The General Data Protection Regulation (GDPR) is a regulation in European Union Law on data protection and privacy for all individuals within the European Union (EU) and the European Economic Area (EEA). It also addresses the export of personal data outside the EU and EEA areas. Its primary aim is to give control to citizens and residents over their personal data and to simplify the regulatory environment for international business by unifying the regulation within the EU. The GDPR is a regulation, not a directive, and it does not require national governments to pass any enabling legislation and is directly applicable. The United Kingdom has granted royal assent to the Data Protection Act 2018 on 23rd May 2018, which contains similar protections and regulations.
Replacing the Data Protection Directive, the GDPR contains provisions and requirements applicable to the processing of personally identifiable information of individuals inside the European Union, and is applicable to all the enterprises, regardless of location, that are doing business with the EEA. The regulation dictates that business processes that handle personal data must be built with data protection and must be stored by using pseudonymization or full anonymisation, so that personal data is not available publicly without explicit, informed consent, and cannot be used to identify a subject without additional information stored separately.
A Data Protection Officer (DPO) is a person with expert knowledge of data protection law and practices who is appointed to assist the controller or processor or monitor internal compliance with this regulation. Similar to a compliance officer, managing IT processes, data security and other critical business security issues around the holding of personal data, are some of the tasks that are also expected to be taken care by the DPO.
Data breaches happen inevitably. Information gets lost, stolen or otherwise released into the hands of people who were never intended to see it; and those people have malicious intent. Under the terms of GDPR, not only will organizations will have to ensure that personal data is gathered legally and under strict conditions, but those who collect and manage it and compelled to protect it from misuse and exploitation.
There are few rights that have been implemented by the GDPR for the benefit of individuals. Some of them are stated below:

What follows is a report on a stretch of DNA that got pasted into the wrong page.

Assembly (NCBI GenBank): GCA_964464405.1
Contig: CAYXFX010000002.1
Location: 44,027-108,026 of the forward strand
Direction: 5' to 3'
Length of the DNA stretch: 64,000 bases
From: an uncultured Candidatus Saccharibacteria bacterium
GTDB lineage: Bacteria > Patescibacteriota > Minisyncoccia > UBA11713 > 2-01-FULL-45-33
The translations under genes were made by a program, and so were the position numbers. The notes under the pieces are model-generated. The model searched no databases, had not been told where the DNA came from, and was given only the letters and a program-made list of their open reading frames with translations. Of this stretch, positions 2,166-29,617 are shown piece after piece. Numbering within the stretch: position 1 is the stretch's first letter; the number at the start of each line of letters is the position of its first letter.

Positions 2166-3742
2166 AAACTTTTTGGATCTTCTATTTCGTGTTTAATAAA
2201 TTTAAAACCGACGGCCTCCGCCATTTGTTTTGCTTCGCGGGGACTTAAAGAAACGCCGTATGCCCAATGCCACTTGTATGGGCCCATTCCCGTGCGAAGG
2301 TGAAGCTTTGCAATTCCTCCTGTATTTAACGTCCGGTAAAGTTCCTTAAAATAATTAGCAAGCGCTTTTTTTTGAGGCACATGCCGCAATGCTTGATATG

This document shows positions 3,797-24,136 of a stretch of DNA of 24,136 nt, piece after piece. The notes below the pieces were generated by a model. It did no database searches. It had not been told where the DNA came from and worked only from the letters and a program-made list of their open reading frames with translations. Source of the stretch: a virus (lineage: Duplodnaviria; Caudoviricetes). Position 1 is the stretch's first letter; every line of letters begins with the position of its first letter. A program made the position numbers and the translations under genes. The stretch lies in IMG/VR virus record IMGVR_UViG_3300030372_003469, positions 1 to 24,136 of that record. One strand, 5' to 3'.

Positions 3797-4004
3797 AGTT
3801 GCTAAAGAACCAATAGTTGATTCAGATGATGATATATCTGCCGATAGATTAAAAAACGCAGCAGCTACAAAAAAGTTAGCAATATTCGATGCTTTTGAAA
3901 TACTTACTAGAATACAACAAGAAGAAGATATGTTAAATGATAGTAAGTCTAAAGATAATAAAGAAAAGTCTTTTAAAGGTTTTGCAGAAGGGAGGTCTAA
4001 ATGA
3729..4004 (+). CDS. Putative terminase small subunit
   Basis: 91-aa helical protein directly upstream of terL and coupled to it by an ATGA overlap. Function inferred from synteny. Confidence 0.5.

This enables individuals to request access to their personal data and to ask how their data is used by the company once it has been gathered and the company must provide a copy of their personal data, even in electronic format if asked.
If consumers wish to withdraw their consent from a company to use their personal data, then this right gives authority to individuals to have their data deleted.
This right gives authority to individuals to transfer their data from one service provider to another. And that must happen in a commonly used and machine-readable format.
This right states that any gathering of data by companies and individuals must be informed before the data is gathered. Consent must be freely given rather than implied.
This ensures that individuals can have their data updated if it is out of date, incomplete or incorrect.
This right ensures the individuals to restrict their data being processed. Their record will remain in place, but not be used.
This right enables individuals to stop the processing of their data for direct marketing. There are no exemptions to this rule, and any processing must stop as soon as the request is received.
If there has been a data breach which compromises an individual’s personal data, the individual has a right to be informed within 72 hours of first having become aware of the breach.
Although GDPR is actually a European Union Law, it could have far-reaching effects beyond European borders, as US-based companies will have to comply with the new regulations while doing business within the EU. Beyond Europe, the law will apply to any business where their data processing relates to the offering of goods and services to EU-based people or the monitoring of online behaviour, including tracking used for internet-based marketing within the EU. This is quite broad in scope and will possibly affect the compliance regime of every ad tech company and their clients worldwide. Few more points on how the GDPR is likely to change the workings of businesses are:
National authorities can assess fines for specific data protection violations in accordance with the GDPR. The fines must be effective, reasonable and dissuasive for each individual case. The authorities have a statutory catalogue of criteria which must be used in taking a decision of whether and what amount of sanctions can be assessed. For the especially severe violations, the fine framework can be up to 20 million euros, or, in the case of a company, up to 4% of their total global turnover in the previous fiscal year, whichever is higher. But even the catalogue of less severe violations sets forth fines of up to 10 million euros, or, in the case of a company, up to 2% of its entire global turnover of the previous fiscal year, whichever is higher.